A smartphone is not a pacifier
The Japan Pediatric Association (JPA) is concerned about a worrisome trend – parents handing over their smartphones and mobile devices to babies and toddlers to stop them from crying. The Association has launched a campaign to raise awareness about the problems with parenting via smartphone, but it may be a hard sell among Japan’s technology-loving population.
“When children become upset, many parents give them a smartphone to keep them quiet. But if parents do this, they have fewer chances to communicate through pacifying their babies while watching how they react.”
The same thing is happening in North America as households purchase more gadgets, computers, and game consoles. Now three-quarters of U.S. homes owns a mobile device, compared to a half two years ago. One study found that 70 percent of kids under age 8 have used a mobile device, a number that has doubled in two years. Forty percent of kids under 2 also use mobile devices, and all of these children are spending triple the time on mobile devices that they did in 2011 – about 15 minutes daily. Most of that time is spent playing games, using ‘educational’ apps (whose educational claims are misleading, according to some advocates), and watching videos.
Why is it a bad thing to use this miraculous instant fix for crying or boredom? Because young kids need real-life interaction with their parents, not a smartphone substitute. It seems that parenting is becoming more passive, as parents search for distractions and ways of making their job easier.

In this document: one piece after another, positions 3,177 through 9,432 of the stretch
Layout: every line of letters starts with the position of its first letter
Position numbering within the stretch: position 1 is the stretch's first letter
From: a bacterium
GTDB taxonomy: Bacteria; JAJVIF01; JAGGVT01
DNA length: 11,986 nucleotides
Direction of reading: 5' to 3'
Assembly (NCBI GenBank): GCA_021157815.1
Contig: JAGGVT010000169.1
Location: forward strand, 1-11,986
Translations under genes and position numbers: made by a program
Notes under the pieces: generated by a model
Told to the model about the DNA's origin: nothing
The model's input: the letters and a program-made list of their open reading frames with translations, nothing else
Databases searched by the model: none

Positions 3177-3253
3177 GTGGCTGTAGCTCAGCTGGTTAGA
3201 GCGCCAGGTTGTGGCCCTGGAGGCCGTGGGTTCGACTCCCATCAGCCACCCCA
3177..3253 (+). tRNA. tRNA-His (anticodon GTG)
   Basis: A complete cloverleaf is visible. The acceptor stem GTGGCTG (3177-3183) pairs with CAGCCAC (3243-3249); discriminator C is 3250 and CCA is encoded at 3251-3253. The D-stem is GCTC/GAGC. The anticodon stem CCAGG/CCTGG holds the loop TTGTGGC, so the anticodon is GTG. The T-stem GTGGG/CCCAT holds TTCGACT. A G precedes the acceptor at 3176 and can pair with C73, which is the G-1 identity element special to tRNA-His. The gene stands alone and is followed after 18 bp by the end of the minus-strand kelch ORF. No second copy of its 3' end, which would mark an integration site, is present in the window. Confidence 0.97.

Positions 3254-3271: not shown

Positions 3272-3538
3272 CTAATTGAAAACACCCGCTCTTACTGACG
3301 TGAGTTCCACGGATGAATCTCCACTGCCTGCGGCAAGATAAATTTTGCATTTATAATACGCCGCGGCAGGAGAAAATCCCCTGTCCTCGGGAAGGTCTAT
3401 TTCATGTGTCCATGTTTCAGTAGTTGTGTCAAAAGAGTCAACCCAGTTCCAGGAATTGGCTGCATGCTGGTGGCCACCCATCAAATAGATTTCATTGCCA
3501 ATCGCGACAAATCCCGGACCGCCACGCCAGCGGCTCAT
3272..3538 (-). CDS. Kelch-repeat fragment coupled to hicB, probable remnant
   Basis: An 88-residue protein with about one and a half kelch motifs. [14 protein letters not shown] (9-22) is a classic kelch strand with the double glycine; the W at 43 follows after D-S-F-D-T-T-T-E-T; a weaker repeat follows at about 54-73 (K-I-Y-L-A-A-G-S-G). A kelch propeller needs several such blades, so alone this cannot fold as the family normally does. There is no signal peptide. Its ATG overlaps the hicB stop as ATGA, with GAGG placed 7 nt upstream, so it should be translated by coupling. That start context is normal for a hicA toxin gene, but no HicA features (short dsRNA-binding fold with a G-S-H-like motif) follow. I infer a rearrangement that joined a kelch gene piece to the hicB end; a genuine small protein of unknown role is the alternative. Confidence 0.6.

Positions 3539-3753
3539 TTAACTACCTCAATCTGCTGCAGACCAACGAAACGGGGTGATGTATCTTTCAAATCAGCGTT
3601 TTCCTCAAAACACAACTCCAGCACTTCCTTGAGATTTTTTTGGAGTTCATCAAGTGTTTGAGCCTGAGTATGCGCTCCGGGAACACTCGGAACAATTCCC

Of course it’s important to have emergency back-up plans when kids start to unravel, and smartphones are helpful in those situations.But to rely on them daily as part of routine parenting impedes kids’ ability to interact with people, enforces bad habits, encourages them to move less, and possibly exposes them inappropriately mature content.
Screen time is actually bad for very young kids. The American Academy of Pediatrics states clearly on its “Media and Children” webpage that “television and other entertainment should be avoided for infants and children under age 2 [because] a child’s brain develops rapidly during these first years, and young children learn best by interacting with people, not screens.”
Fortunately, the solution is easy! Turn it off and put it away. Sit down to read a book, pull out the building blocks, do some baking together, or go outside to dig a hole. These activities are so much healthier for a young child and will stimulate them (and tire them out) far more than a game of Fruit Ninja or Candy Crush. Smartphones may be handy, but parents need to be smarter about how they’re used.